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Sawdust From The Kerf
Volume 1
Issue 2
July 2002
Where did it all begin in B.C. "TIMBERHOG"
Man has cut trees to produce lumber ever since tools were developed that allowed him to accomplish that task. The chain saw as a tool is a very recent development, appearing in the 1930's.

The first gasoline engine Chain Saw built in British Columbia was the TIMBERHOG. It was a copy of the Stihl model BD. The TIMBERHOG was big and heavy by todays standards. It was advertised as 8 H.P.

In the late 1930's the Stihl saws were being sold in Canada by the D.J. Smith Equipment Company of Vancouver and quite a few were in use in the woods of B.C. when the Second World War suddenly cut off the supply. Smith started by manufacturing parts to repair the Stihl units
and this led to more work being done on a complete unit which emerged as the TIMBERHOG. It was not a simple task to build this machine in Vancouver when we consider what was required but it was done and quite successfully too.

The actual weight of the powerhead without bar and chain is 96 Lbs. (43.5kg) and when equipped with a 48 inch (122cm) bar, chain, gas and oil it went up to 140 Lbs. (63.5kg). We shake our heads and comment that the men of the day must have been crazy to lug such a monster around in the woods. However when we consider that the alternative was to spend the day pulling on the end of a two man crossuct saw possibly the TIMBERHOG improved the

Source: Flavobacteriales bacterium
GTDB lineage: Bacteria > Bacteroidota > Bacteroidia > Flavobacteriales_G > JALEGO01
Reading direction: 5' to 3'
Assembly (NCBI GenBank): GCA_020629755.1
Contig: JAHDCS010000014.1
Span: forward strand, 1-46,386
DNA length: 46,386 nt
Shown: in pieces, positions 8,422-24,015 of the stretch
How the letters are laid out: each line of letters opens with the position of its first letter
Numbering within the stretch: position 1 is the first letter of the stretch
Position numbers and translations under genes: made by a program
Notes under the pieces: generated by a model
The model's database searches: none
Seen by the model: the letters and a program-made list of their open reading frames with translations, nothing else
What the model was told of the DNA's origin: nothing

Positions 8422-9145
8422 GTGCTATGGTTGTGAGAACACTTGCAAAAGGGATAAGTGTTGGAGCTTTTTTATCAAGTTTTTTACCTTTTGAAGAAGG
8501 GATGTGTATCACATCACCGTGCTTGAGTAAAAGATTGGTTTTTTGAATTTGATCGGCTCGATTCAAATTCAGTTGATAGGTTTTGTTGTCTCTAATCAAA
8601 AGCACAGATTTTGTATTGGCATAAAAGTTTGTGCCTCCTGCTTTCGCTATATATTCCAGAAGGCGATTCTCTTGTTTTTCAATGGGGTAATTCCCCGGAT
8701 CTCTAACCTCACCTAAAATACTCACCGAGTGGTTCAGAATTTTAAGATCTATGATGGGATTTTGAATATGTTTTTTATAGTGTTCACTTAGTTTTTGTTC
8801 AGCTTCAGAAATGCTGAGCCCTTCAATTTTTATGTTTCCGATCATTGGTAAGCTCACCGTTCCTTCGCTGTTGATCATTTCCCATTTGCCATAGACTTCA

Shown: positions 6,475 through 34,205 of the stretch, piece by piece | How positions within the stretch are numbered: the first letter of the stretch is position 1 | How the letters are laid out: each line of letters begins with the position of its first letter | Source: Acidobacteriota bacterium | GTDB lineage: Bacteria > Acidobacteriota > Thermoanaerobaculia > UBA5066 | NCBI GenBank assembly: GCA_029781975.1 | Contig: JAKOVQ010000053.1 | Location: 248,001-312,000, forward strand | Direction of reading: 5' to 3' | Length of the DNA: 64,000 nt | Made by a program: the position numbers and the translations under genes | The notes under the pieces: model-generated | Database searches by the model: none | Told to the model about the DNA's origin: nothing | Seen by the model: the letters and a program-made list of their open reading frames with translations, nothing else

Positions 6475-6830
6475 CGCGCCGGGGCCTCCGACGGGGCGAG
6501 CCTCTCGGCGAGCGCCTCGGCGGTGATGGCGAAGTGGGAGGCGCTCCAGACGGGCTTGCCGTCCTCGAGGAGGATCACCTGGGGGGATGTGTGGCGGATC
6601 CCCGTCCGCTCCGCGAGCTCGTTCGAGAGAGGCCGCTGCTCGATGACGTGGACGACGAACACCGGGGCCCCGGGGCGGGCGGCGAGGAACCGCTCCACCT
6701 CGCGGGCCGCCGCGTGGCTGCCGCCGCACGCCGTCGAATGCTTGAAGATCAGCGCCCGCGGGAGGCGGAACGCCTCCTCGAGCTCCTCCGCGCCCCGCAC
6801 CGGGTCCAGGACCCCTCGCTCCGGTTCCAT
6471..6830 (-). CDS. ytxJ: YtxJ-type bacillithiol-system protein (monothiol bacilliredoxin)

situation. Note the "bucker" with crosscut saw over his shoulder in the photo below.

The machine operator in this picture is Mr. A.J. (Tony) Hornby of Nanaimo, B.C.

The technology in Vancouver was such that lighter weight was not possible when we consider that the aluminum had to be poured in sand cast molds and with an engine of 250cc (15.25 cu. in.) the crank-shaft, connecting rod and bearings were going to be heavy. There had to be a gear reduction transmission and mechanical clutch, all made out of either steel or brass parts. A large slide-valve float type carburetor was mounted, made out of aluminum and brass parts with an elbow and flexible hose leading to an air filter suspended with a leather strap. The ignition system was manufactured by Bendix-Scintilla mounted under the fan/flywheel. The instruction manual supplied with the saw outlined the following procedure for setting